Staff at UCL Engineering offer record number of student research placements

30 August 2015
This post was originally published on this site

This summer, UCL Engineering staff and research teams opened their laboratories and departments to students, offering 36 research placements – more research placements than any other year – giving them the opportunity to work alongside researchers, professional engineers and industry in cutting-edge research projects in areas including chemical engineering, biochemical engineering, computer science and human-computer interaction, electronic and electrical engineering and biomedical engineering among others. The research placements in partnership with In2Science, the Nuffield Foundation, and other organisations were offered to students with a true commitment and passion for engineering that wanted to experience research first hand. Students were placed two to four weeks and in some cases even for six weeks within a research team in one of the engineering departments at UCL during the summer holiday. During their placement students worked on cutting edge research with top research scientists and engineers. They learned a number of skills, techniques, experimented with a wide range of materials, tools and technologies and meet experts from different areas of engineering in academia and industry that collaborate with UCL Engineering research teams. At the end of the placement students were asked to write a short report about their research placement project.

Case Study 1: Department of Chemical Engineering, UCL


Shantona Shahid,  a student from Eltham High School, undertook at two-week project in the Department of Chemical Engineering at UCL under supervision of Prof Marc-Olivier Coppens’ lab. During her placement she worked on a number of experiments including one to identify pulse frequency effect on pattern formation in pulsed fluidised beds as well as reading articles on packing biological cargoes in mesoporous materials to identify new opportunities for drug delivery and learned how to use a computational analysis programme and created a visual representation of 1 ubq to name but a few activities.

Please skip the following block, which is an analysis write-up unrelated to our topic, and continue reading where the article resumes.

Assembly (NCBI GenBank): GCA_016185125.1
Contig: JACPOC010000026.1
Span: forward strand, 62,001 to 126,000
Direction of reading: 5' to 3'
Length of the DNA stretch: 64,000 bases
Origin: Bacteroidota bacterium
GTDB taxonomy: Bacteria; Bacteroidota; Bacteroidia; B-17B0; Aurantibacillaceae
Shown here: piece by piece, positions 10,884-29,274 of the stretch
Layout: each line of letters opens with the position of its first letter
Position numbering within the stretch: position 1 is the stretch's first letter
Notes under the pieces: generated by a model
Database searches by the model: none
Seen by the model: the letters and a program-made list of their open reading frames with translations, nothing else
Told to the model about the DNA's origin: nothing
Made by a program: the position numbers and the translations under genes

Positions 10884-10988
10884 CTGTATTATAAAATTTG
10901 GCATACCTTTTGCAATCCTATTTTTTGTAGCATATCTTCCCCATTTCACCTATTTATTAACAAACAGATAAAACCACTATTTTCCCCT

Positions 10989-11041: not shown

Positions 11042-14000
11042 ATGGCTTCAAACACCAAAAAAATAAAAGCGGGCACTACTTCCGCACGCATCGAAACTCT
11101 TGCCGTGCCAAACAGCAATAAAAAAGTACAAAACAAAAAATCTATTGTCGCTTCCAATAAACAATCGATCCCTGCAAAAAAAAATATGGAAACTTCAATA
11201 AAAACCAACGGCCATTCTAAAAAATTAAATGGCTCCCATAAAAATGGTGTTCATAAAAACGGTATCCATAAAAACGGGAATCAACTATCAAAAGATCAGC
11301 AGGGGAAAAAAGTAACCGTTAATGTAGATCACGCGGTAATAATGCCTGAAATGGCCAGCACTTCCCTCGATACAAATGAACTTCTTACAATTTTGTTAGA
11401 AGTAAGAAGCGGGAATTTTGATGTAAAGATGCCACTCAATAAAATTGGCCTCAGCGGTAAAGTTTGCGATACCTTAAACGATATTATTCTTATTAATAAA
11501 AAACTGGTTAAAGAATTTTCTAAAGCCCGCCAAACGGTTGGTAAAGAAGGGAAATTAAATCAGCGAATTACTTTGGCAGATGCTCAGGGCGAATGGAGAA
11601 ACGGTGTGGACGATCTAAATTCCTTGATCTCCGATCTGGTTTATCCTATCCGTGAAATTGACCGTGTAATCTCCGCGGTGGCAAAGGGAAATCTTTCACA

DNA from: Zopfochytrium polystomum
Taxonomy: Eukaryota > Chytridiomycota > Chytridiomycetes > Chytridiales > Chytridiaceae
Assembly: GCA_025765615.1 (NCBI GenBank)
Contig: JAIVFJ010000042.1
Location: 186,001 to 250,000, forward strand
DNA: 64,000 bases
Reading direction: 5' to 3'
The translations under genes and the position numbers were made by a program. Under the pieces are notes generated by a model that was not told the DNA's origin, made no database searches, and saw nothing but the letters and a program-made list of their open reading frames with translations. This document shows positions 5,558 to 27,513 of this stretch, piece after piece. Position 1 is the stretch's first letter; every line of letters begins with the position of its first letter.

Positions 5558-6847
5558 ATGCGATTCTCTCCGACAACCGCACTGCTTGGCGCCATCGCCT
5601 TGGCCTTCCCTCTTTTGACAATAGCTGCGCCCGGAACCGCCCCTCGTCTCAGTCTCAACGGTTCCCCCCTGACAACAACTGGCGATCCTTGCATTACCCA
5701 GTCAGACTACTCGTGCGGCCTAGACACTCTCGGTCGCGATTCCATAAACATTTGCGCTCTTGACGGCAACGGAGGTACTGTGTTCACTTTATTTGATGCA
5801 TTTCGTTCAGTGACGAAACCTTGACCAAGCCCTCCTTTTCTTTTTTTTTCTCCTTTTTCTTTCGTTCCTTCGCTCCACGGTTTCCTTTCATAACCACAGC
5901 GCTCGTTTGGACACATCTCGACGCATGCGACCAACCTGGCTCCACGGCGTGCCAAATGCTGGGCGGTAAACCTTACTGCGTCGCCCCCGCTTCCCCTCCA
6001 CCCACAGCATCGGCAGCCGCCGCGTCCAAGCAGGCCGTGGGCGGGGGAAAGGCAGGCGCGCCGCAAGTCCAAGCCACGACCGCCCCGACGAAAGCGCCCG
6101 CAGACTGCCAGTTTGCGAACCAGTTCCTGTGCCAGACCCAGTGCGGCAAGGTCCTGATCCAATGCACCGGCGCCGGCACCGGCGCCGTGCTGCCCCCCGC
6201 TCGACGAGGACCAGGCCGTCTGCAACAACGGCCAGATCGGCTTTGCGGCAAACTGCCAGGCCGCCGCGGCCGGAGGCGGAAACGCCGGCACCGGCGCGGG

Before undergoing this experience I truly believed that engineering was an industry filled with males. After completing a week of experience at the centre for nature inspired engineering in UCL I understand that this is not necessarily the truth as I shadowed many female PhD students. The experience has given me an amazing insight into what the career could involve and how there are many different pathways which can be taken to reach the end goal, I found this as many of the scientists I spoke to didn’t have a degree in chemical engineering but in many different fields such as chemistry, computer science, physics and many more. I have learnt a lot of methods and analytical techniques, exposure to this is something which wouldn’t have been available without this programme as school and sixth form only give you basic understanding. This experience was very inspiring and led me to finalise my choice to pursue a career in science and it was truly unforgettable, I am very grateful for the opportunity I have and advise many to do the same.” Shantona Shahid, In2Science student